FDA Commissioner Mark McClellan To Testify Before Senate Commerce Committee on Prescription Drug Reimportation
FDA Commissioner Mark McClellan, the nominee to serve as the new CMS administrator, on Wednesday "bowed to demands" and agreed to testify on Thursday before the Senate Commerce, Science and Transportation Committee about his opposition to the reimportation of lower-cost, U.S.-manufactured prescription drugs from other nations, USA Today reports (USA Today, 3/11). In a confirmation hearing before the Senate Finance Committee on Monday, McClellan, who refused invitations to testify about the safety of reimportation before the Senate Commerce Committee, agreed to testify, but only after his confirmation as CMS administrator. In response, Sen. Byron Dorgan (D-N.D.), a member of the Senate Commerce Committee, moved to block a floor vote on the McClellan nomination after the Senate Finance Committee on Tuesday voted 18-2 to approve the nomination. In recent weeks, Dorgan, Senate Commerce Committee Chair John McCain (R-Ariz.) and Sen. Debbie Stabenow (D-Mich.) have announced plans to delay a floor vote on the McClellan nomination because of his position on reimportation (California Healthline, 3/10). According to CongressDaily, the decision by McClellan to testify before the Senate Commerce Committee is part of an agreement negotiated by Senate Majority Leader Bill Frist (R-Tenn.), who hopes that the Senate will confirm McClellan this week (Rovner/Heil, CongressDaily, 3/11).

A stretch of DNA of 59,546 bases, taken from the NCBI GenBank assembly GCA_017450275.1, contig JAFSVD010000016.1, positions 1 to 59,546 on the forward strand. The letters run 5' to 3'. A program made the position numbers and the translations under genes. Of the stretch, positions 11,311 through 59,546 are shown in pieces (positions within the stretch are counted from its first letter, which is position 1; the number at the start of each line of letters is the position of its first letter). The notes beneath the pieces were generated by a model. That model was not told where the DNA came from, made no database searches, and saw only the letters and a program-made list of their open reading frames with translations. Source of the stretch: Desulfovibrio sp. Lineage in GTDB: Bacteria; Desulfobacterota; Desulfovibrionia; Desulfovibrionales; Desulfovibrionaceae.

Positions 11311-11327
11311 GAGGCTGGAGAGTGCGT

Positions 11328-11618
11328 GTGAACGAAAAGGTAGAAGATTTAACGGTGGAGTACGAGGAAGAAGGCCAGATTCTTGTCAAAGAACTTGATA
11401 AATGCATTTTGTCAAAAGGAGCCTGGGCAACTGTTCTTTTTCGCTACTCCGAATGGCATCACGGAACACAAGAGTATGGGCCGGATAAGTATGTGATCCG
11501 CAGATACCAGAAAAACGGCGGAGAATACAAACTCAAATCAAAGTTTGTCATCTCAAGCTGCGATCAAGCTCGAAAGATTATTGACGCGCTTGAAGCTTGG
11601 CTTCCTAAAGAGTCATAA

FDA Associate Commissioner Peter Pitts said that McClellan decided to testify before the Senate Commerce Committee because he "believes he needs to step forward and reverse the trend that puts politics in front of public health." However, Barry Piatt, a spokesperson for Dorgan, said, "This isn't about politics. It's about a very serious issue. It's about prescription drug prices" (Los Angeles Times, 3/11). Piatt added that Dorgan will not decide whether to remove the hold on the McClellan nomination until after he testifies. McClellan "needs to answer questions and have a forthcoming conversation," Piatt said (CQ Today, 3/10). McCain, who supported the decision by Dorgan to place a hold on the McClellan nomination, said, "I'm going to reserve judgment until I hear" from McClellan (CongressDaily, 3/11). White House spokesperson Scott McClellan, brother of Mark McClellan, said that the hold "is complicating the administration's quest to implement the president's recent overhaul of Medicare," the Washington Times reports. "All members should keep in mind that this is about America's seniors and providing them the health care that they need. Get this nominee in place so that we can work to implement these improvements," Scott McClellan said (Sammon, Washington Times, 3/11).
In related news, HHS spokesperson Bill Pierce announced Mark McClellan will no longer serve as the chair of a task force that will conduct a study on the safety of reimportation, the Los Angeles Times reports (Los Angeles Times, 3/11). Last month, HHS Secretary Tommy Thompson appointed McClellan to lead the one-year study, which is required under the new Medicare law (California Healthline, 2/26). Thompson said that he withdrew the appointment in response to "concerns that McClellan's past opposition" to reimportation "might bias the findings," CQ Today reports (Shuler/Carey, CQ Today, 3/10). Thompson said that he would name a new chair and the other members of the task force "in the next day or two," adding that the task force will hold the first of a series of public hearings on March 19. Thompson said that he hopes the task force will complete the reimportation study this summer (CongressDaily, 3/11).This is part of the California Healthline Daily Edition, a summary of health policy coverage from major news organizations. Sign up for an email subscription.